Experts warn NC bill could harm LGBTQ youth mental health
By HANNAH SCHOENBAUM – Associated Press/Report for America
RALEIGH, NC (AP) — Critics of a North Carolina bill tabled Thursday in the state Senate say it could endanger the mental health and physical safety of LGBTQ students, who could be outed without their parents’ consent.
Promoted by the sponsors to give parents greater control over their children’s education and health care, the bill would require schools to warn parents about changing the name or pronouns used for their child in most cases. It would also ban teaching about gender identity and sexuality in K-4 public school classrooms, except for “student-initiated questions.”
Several mental health experts, parents and teachers told the Senate Health Committee that the bill would force teachers to betray their students’ trust and could create life-threatening situations for children without acknowledging the home environment.
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“My professional opinion as a licensed clinical psychologist is that this bill will make our children less safe,” said Dr. Sarah Wilson, assistant professor at Duke University School of Medicine. She said schools are no longer safe places for children to explore their identities.
The proposal went through committee on Thursday and now goes to the Senate Rules Committee. It is one of 35 bills introduced in 14 states aimed at restricting teaching about LGBTQ issues or alerting parents to changes in their child’s identification.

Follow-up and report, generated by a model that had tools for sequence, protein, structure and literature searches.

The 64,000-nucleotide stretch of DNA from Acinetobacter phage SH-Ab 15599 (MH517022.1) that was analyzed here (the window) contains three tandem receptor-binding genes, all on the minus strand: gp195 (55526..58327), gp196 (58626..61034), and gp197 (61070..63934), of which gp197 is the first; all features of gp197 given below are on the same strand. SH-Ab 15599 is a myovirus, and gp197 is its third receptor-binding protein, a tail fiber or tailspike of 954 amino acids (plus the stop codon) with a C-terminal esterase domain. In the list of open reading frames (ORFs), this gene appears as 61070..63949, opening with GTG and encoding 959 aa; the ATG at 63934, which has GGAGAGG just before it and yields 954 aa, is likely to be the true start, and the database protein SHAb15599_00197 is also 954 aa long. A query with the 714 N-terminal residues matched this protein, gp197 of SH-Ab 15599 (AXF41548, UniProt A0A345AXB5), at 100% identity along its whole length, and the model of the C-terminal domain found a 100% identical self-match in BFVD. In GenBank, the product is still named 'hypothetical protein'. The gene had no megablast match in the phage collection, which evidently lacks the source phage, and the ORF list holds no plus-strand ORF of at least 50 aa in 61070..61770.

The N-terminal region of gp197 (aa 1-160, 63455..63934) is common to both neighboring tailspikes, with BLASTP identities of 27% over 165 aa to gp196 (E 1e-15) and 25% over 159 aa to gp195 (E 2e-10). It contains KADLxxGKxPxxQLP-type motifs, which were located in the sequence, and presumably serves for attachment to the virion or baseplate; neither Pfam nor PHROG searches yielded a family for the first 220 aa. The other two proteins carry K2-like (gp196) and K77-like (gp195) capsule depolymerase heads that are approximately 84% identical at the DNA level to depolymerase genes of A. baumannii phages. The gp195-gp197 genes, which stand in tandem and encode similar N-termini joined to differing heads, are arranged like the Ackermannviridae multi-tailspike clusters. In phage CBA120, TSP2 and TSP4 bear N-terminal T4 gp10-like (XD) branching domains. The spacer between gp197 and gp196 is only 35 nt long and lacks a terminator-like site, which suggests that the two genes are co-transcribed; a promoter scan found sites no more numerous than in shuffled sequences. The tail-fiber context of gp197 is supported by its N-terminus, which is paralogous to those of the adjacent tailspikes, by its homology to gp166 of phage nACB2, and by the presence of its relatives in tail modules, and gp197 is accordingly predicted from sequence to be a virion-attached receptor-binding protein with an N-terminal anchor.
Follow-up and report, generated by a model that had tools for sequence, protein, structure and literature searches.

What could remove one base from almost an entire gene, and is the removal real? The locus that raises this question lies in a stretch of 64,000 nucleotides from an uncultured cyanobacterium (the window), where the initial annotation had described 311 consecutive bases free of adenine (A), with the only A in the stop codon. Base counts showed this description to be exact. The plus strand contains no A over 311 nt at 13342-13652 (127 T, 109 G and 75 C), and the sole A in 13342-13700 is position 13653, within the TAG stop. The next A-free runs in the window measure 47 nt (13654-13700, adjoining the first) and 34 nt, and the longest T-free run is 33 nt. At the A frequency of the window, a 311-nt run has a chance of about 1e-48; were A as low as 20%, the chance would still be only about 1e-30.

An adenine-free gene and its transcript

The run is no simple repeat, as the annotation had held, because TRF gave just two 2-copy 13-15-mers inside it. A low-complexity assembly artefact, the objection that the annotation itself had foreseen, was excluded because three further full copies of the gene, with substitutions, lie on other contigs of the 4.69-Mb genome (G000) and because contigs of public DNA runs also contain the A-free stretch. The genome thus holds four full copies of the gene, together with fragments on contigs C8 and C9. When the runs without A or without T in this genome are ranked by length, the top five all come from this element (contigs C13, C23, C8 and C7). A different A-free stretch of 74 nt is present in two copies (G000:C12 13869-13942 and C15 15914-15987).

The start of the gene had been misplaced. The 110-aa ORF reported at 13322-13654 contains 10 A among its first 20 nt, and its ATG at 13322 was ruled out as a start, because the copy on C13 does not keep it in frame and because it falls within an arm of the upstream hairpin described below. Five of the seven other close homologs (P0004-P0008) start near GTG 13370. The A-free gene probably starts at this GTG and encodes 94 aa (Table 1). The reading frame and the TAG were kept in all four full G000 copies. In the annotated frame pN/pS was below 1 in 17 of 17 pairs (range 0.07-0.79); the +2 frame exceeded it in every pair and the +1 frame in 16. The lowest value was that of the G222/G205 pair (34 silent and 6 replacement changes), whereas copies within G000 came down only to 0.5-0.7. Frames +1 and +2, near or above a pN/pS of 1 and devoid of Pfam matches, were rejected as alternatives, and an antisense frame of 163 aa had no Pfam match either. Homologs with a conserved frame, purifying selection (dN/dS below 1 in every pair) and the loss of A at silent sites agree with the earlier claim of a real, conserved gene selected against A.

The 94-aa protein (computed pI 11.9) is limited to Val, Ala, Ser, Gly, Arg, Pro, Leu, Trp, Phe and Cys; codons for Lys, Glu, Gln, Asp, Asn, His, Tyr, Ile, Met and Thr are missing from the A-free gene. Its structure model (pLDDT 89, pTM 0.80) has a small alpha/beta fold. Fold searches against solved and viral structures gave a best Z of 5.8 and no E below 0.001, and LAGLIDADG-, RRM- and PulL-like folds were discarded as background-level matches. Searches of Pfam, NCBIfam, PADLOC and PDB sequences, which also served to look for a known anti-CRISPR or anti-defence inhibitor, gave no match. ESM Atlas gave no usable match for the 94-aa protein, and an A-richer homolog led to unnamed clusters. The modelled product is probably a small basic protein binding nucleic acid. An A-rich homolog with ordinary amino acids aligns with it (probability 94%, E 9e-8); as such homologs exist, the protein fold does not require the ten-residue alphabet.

Chelsea Johnson, a North Carolina therapist who works with transgender and gender-nonconforming youth ages 9 to 18, said students and teachers may feel they need to censor themselves when talking about their families or identities , which could lead to confusion, shame, and psychological distress.
“Oppression doesn’t stop people from figuring out who they are, but it does increase the likelihood of lifelong mental health problems like depression, anxiety, post-traumatic stress disorder, and suicidality,” Johnson said, noting that she’s seen more than 40 cases of it in her career .
One of the main reasons students confide in a school professional, she said, is because they feel physically, mentally or emotionally insecure or at risk of harm if they come out at home.
The bill’s sponsor, Senator Amy Galey, an Alamance County Republican, dismissed claims that doing so would prevent students with LGBTQ parents from speaking about their families, saying certain safeguards were included to prevent harm.
The proposal includes an exemption from disclosing school records to parents if there is reason to believe that disclosure would lead to the child being abused or neglected.
Hannah Schoenbaum is a corps member for the Associated Press/Report for America Statehouse News Initiative. Report for America is a nonprofit national service program that brings journalists into local newsrooms to cover undercover topics.
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